SageCommon sage (Salvia Officinalis) originated in the Mediterranean basin, like most of our culinary herbs, but is hardy enough to grow almost all over the world, both wild and as a garden plant. It has been valued for its medicinal properties since ancient times, and indeed its Latin name derives from the same root as 'salvation', since sage was considered able to save people from illness and death. It was also called 'herba sacra' - sacred herb - by, the Romans.

Apart from its widespread use in cooking, flavouring cheeses, and, in the past, in brewing ales, it has always been used in the folk medicine of many countries in the form of infusions (teas), gargles, vinegars and poultices, particularly for mouth and throat infections, to heal wounds, and clear headaches. It is often described in old herbals as a mental stimulant. For example, John Gerarde says 'Sage is singularly good for the head and brain, it quickeneth the senses and memory.' Sage has a powerful action on the female reproductive system, and was among the simples used by village 'wise-women' (so many of whom were burnt during witch-hunts from the middle ages to the seventeenth century) to help women in childbirth, to induce menstruation when it was late or scanty, or to normalise it during the menopause.

Many of the folk uses of Sage are thoroughly vindicated by experience and by scientific testing, but others belong to the area where folk medicine and folklore overlap. It may well be an antidote to snake-bites, but other claims, such as that where Sage grows abundantly in the garden, the wife rules the roost, or that if your garden sage collapses and dies your business will also collapse, can be regarded less seriously!

However, in spite of the undoubted value of Sage in the form of the fresh or dried plant, when we come to consider the essential oil, a great deal of caution is needed. The oil contains a high proportion of thujone (the principle constituent of oil of Thuja, from which it derives its name) which can provoke epileptic fits or convulsions, and, in larger amounts, is toxic to the central nervous system and capable of inducing paralysis.

SageThe principle that a substance which in large doses can produce a symptom will cure that symptom when used in very small doses, on which homoeopathy is based, seems to enter into play when we consider Sage, since many of the mediaeval writers considered Sage a tonic for the nerves and a cure for palsy (paralysis), and the amount of thujone consumed when sage is taken as a tea is miniscule when compared to the concentration found in the essential oil. The same comparison can be made when we consider the action of Sage on the reproductive system, for a small amount is described as antispasmodic, but a larger amount has been known to induce violent uterine spasm. In terms of the essential oil, it is important to remember that a 'larger amount' may only be a very few drops.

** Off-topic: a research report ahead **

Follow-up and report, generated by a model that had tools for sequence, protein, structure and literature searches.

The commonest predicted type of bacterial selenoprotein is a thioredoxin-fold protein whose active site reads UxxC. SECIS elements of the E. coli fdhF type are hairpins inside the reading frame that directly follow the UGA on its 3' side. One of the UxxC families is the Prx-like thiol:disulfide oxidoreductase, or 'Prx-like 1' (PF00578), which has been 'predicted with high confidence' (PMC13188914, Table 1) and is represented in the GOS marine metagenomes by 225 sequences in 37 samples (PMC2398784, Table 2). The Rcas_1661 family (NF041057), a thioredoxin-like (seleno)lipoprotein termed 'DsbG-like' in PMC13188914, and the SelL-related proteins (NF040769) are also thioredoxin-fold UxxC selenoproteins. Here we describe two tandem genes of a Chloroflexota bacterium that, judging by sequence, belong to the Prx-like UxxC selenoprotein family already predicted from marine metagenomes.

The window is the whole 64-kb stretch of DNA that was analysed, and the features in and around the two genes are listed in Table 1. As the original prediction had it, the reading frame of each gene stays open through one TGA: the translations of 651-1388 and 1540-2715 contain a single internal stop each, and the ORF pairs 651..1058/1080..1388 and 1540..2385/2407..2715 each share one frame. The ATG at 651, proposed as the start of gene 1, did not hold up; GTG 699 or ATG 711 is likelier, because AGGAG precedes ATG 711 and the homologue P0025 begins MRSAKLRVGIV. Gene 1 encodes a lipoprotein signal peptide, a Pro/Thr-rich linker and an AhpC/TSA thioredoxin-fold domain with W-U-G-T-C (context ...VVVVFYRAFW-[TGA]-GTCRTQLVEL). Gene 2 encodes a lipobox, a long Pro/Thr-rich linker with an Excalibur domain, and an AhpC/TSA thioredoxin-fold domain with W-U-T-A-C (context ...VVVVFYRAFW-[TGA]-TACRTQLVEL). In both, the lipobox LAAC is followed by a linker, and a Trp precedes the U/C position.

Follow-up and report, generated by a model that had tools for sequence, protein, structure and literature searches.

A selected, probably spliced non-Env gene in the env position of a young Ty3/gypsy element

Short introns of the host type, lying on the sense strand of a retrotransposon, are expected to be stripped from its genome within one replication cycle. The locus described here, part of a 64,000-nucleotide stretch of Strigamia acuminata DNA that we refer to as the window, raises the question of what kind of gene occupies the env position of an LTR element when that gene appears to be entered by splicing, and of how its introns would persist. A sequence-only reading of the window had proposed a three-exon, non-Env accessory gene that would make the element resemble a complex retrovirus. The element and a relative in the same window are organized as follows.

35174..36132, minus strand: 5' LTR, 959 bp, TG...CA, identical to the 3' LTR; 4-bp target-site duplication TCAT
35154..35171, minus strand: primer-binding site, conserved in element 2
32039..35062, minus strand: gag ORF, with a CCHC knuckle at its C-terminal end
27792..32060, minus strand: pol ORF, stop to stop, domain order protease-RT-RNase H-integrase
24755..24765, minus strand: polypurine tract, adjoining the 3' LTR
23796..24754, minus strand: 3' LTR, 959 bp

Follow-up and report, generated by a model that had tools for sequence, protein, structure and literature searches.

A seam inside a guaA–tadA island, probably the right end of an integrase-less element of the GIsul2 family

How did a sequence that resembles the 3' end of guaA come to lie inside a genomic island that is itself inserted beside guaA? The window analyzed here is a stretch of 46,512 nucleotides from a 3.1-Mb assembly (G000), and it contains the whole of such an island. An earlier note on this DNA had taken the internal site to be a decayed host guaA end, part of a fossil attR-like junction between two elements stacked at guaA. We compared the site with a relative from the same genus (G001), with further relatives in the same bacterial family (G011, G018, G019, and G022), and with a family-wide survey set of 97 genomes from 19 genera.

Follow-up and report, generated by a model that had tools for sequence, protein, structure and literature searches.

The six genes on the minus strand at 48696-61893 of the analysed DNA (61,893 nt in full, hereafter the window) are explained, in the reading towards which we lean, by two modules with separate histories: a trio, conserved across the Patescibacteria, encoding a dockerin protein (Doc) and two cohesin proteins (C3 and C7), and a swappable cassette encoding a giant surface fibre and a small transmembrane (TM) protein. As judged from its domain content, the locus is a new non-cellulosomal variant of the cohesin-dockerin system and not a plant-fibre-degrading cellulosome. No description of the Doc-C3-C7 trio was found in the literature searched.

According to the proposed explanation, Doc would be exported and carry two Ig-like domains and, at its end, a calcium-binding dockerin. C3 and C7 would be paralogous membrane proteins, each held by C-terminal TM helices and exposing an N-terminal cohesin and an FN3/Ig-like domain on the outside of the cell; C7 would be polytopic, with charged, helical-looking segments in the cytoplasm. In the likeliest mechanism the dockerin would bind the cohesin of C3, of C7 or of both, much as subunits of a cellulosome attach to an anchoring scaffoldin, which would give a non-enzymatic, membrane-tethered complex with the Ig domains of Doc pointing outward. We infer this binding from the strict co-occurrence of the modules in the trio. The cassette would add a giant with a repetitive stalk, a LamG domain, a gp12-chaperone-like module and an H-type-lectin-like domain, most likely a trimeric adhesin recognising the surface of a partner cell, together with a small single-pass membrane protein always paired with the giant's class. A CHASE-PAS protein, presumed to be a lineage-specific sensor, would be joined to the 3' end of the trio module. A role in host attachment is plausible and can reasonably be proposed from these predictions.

It is important to be aware of the risk of poisoning with essential oil of Sage as has been shown in the case of a number of women who attempted self-treatment based on information in books. The symptoms and severity of their experiences ranged from feeling slightly faint and shaking, through to such violent abdominal pain that the victim was admitted to hospital for three days. The most common experience, though, was moderate to severe uterine contractions and menstrual bleeding so excessive as to verge on haemorrhage. In every case except that of the girl who needed hospitalisation, the Sage oil was used externally only, either in a massage oil or in baths, and in amounts varying from 2 or 3 drops to about 10.

SageFor these reasons, aromatherapists use the oil of Clary Sage (Salvia Sclarea) in preference to the common Sage, as it shares many of the therapeutic properties of Sage oil, but contains only a very small proportion of thujone.

The few uses to which essential oil of Sage can be safely put, are in gargles and mouthwashes, for which it is diluted in alcohol and water to a very low concentration, and just occasionally as a massage oil for men with a very developed musculature. Sage oil is very warming and penetrating to the muscles, and has a softening effect on muscles which have been perhaps over­developed by weight-training, or other sports involving short bursts of intensive effort. Even here, though, there are other choices, such as Lavender, Marjoram or Rosemary, which are generally preferable to Sage.

The character and properties of CLARY SAGE can be found under the entry for that oil.

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